“You don’t manage people; you manage things. You lead people.”
-Admiral Grace Hopper
This comparison is similar to the Entrepreneurs Versus Administrators relationship. One big difference is that entrepreneurship is usually associated with business or enterprise development. Of course, at the core of all of our explorations here is the idea of getting things done. Things do get done in organizations with rigid vertical organizational charts. Things also get done when passionate leaders build relationships and leverage diverse skills and
common values. A comparison of leaders and managers on the website diffen.com asks some questions that get to the heart of choosing an approach:
- Does a manager have to be a great leader?
- Does a leader need to have good management skills?
My response to both questions is, “not necessarily, but a little bit couldn’t hurt.” This is really a case of something not being questions of either/or, but rather times when both/and makes much more sense.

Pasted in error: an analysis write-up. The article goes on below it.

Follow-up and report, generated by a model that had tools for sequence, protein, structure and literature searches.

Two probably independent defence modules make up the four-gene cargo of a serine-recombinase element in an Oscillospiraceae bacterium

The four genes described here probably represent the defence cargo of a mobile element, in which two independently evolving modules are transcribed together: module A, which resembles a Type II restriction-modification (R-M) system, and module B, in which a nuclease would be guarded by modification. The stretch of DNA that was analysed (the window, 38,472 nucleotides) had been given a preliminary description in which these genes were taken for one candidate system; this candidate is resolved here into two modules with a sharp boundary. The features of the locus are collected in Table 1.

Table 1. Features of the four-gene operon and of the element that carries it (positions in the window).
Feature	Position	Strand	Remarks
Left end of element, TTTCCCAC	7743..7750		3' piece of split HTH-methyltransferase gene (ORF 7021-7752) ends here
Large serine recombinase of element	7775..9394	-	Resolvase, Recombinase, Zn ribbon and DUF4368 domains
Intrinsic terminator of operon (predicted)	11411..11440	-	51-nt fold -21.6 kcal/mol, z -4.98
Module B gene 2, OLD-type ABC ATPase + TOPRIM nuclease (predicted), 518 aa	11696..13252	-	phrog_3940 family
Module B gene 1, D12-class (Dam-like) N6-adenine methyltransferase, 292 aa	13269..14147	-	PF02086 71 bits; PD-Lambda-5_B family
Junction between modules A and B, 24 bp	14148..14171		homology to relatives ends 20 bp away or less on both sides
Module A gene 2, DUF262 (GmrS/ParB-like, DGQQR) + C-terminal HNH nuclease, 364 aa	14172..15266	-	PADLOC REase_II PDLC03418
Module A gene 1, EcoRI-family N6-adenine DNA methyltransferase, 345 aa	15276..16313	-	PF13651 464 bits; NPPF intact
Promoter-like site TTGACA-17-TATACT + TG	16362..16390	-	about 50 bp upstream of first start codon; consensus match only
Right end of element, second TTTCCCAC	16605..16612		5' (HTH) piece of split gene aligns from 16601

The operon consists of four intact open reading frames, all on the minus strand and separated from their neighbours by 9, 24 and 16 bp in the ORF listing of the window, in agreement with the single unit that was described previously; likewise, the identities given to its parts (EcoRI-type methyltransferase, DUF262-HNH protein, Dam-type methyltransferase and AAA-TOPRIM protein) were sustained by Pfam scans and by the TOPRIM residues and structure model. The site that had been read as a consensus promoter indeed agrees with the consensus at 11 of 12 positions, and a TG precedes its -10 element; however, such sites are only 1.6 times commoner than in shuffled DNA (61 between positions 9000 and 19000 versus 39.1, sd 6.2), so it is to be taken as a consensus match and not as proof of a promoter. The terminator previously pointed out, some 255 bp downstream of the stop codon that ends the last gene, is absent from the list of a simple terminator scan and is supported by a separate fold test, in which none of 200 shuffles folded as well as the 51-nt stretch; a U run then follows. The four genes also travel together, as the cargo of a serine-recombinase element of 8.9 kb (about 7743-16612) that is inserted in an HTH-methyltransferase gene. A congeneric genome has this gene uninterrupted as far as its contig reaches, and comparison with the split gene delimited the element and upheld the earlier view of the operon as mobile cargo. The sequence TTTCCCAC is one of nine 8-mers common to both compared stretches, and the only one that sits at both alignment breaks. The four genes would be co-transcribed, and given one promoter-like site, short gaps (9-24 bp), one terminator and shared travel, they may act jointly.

It’s like Grace Hooper said in the quote at the top of the page, people need leadership, but there are always details related to their work that require management. Even though these discussions center around leadership, business management guru Tom Peters is right when he said: “Stop being conned by the old mantra that says, ‘Leaders are cool, managers are dweebs.’ Instead, follow the Peters Principle: Leaders are cool. Managers are cool too!”
With this in mind, it seems critical for leaders to identify what aspects of the work that they are involved in require commitment to detailed control, and what aspects lend themselves to serving as a guide to help others navigate new terrain.